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Riverhead soccer tournament benefits family of five lost in house fire

Players in a soccer game Sunday morning, held

Players in a soccer game Sunday morning, held to raise money for relatives of five family members killed in Riverhead fire last week, including one of the team players. Credit: John Roca

The Riverhead soccer team known as Manchester City took to the field Sunday morning wearing shirts bearing the face of their teammate, player number 8, killed, along with his family, in a house fire Tuesday night.

The fast-moving blaze quickly engulfed a century-old Victorian home Tuesday night, killing the young man who, friends said, just celebrated his 24th birthday. His four family members also died in the fire.

Manchester City’s coach, Hector Vasquez, said the young man who is of Guatemalan descent played midfield and joined the league when he arrived on Long Island several months ago. Teammates were devastated and came out along with hundreds of others Sunday to play at a Stotzky Park tournament to benefit the family.

"Wednesday morning my friend called me … I started crying. When you lose a good person," Vasquez said, trailing off. "[The victim] is a good guy and I’m sorry for everything."

Newsday is withholding the victims’ names, as provided by friends, pending the official release by county officials. A spokesman for County Executive Steve Bellone did not immediately respond to a request for comment Sunday on whether the county medical examiner’s office had completed the identification process.

Investigators think the five were trying to flee before being overwhelmed by the blaze, Suffolk Det. Lt. Kevin Beyrer, head of the Suffolk police department's homicide squad, said Wednesday.

The cause, which is believed to be accidental and noncriminal, has not been disclosed.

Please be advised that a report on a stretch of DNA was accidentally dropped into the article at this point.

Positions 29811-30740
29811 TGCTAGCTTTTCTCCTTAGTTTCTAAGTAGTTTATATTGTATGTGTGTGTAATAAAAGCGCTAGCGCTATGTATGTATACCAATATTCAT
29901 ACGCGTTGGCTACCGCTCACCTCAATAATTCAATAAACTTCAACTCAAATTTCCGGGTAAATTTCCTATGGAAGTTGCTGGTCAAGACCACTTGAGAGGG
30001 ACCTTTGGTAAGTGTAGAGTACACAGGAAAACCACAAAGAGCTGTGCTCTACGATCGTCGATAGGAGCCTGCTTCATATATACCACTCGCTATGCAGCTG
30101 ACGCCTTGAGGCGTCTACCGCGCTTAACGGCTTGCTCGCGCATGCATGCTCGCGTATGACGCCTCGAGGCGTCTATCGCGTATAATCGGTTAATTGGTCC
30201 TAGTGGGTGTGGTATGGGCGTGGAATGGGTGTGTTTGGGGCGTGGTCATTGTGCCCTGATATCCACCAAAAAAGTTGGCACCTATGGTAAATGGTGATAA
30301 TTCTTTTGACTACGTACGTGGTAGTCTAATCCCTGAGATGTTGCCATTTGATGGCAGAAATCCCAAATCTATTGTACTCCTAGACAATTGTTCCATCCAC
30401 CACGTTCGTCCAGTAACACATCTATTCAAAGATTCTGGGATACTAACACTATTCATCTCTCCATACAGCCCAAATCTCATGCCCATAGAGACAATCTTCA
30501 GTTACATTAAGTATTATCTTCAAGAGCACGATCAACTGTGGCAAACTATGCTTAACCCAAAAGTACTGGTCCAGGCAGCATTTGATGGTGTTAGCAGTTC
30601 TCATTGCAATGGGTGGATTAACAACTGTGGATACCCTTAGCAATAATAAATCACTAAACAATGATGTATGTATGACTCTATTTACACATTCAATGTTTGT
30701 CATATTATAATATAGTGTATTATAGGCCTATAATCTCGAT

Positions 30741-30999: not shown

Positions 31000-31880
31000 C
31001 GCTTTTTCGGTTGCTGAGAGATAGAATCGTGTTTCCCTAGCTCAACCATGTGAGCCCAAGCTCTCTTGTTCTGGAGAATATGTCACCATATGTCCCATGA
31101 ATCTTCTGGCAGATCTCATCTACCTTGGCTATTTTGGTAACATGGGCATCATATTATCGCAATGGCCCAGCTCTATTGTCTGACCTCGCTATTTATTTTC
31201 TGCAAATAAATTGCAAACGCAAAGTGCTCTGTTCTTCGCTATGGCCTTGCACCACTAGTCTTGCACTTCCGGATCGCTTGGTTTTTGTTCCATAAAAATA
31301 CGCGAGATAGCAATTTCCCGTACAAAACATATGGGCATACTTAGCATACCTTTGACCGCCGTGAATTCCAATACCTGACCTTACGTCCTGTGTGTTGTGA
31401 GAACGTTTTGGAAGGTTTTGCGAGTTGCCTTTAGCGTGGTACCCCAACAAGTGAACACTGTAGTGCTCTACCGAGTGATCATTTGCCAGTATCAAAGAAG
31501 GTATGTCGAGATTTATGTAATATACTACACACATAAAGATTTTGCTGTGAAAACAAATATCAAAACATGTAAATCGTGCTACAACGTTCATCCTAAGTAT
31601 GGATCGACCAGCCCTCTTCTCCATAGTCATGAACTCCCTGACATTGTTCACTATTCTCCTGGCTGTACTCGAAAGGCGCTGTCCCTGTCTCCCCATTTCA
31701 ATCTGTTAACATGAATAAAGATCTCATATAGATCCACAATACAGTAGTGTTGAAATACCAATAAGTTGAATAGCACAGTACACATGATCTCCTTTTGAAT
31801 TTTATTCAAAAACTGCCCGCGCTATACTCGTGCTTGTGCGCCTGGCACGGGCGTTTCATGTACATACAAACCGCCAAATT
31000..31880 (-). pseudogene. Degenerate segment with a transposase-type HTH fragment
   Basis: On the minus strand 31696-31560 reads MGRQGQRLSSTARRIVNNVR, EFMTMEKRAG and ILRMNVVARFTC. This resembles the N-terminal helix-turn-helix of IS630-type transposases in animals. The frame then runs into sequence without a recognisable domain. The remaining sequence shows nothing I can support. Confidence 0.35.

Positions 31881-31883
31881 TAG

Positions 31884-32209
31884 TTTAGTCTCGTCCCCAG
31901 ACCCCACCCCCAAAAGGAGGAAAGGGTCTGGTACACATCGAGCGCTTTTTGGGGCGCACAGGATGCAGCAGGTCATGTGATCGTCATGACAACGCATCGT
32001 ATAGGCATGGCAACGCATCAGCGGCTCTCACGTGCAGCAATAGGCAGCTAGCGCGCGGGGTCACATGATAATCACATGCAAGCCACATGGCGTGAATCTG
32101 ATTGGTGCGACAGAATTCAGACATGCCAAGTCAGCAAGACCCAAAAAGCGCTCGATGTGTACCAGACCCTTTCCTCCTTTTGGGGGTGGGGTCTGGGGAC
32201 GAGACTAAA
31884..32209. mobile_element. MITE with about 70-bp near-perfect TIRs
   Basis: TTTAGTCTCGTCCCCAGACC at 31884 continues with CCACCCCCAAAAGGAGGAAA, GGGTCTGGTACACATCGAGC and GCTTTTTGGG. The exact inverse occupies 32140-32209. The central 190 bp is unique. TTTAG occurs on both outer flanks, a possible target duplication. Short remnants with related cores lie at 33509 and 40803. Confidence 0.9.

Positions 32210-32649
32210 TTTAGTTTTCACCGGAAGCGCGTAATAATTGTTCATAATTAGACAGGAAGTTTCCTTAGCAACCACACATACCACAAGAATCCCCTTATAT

Paul Villafranco and his father, Edgardo, founder of the Riverhead Soccer League, organized Sunday’s event to help the family cover funeral and other costs. Local businesses donated food, supplies and even DJ services. Volunteers sold atol, a cornstarch-based hot drink; elote, Mexican street corn; and more Central American fare to help the cause.

"It’s just a way to bring the community together," Villafranco said. "We love playing soccer and everybody wants to get distracted for a little bit and this is the best way to do it."

The tight-knit league runs from April through November and can draw up to 1,500 visitors on a typical Sunday, Villafranco said. Seeing the same faces week after week creates a sense of closeness.

"They became like family because they would be here every Sunday," said Vilma Torres, who is affiliated with another league team.

Twelve teams competed in the daylong tournament that also featured raffles, and Edgardo Villafranco said he hoped to travel to Guatemala to personally deliver the money.

Carlita Guevara of Riverhead made chicken sandwiches to sell to benefit the family of the young man, who she said was her husband’s teammate.

"In our community, we help Hispanics hand by hand," said Guevara, who is El Salvadoran. "We feel their pain. We’re together as a team."

The weight of the catastrophic fire and the pain of the lives lost extended beyond Riverhead’s Latin American community.

"When you have a tragedy like this, how can you not put your heart out there," said Maxine Kleedorfer of Riverhead, who attended Sunday’s game. "It’s hard to believe the whole town isn’t here. It’s good to see people coming together."

With Rachelle Blidner

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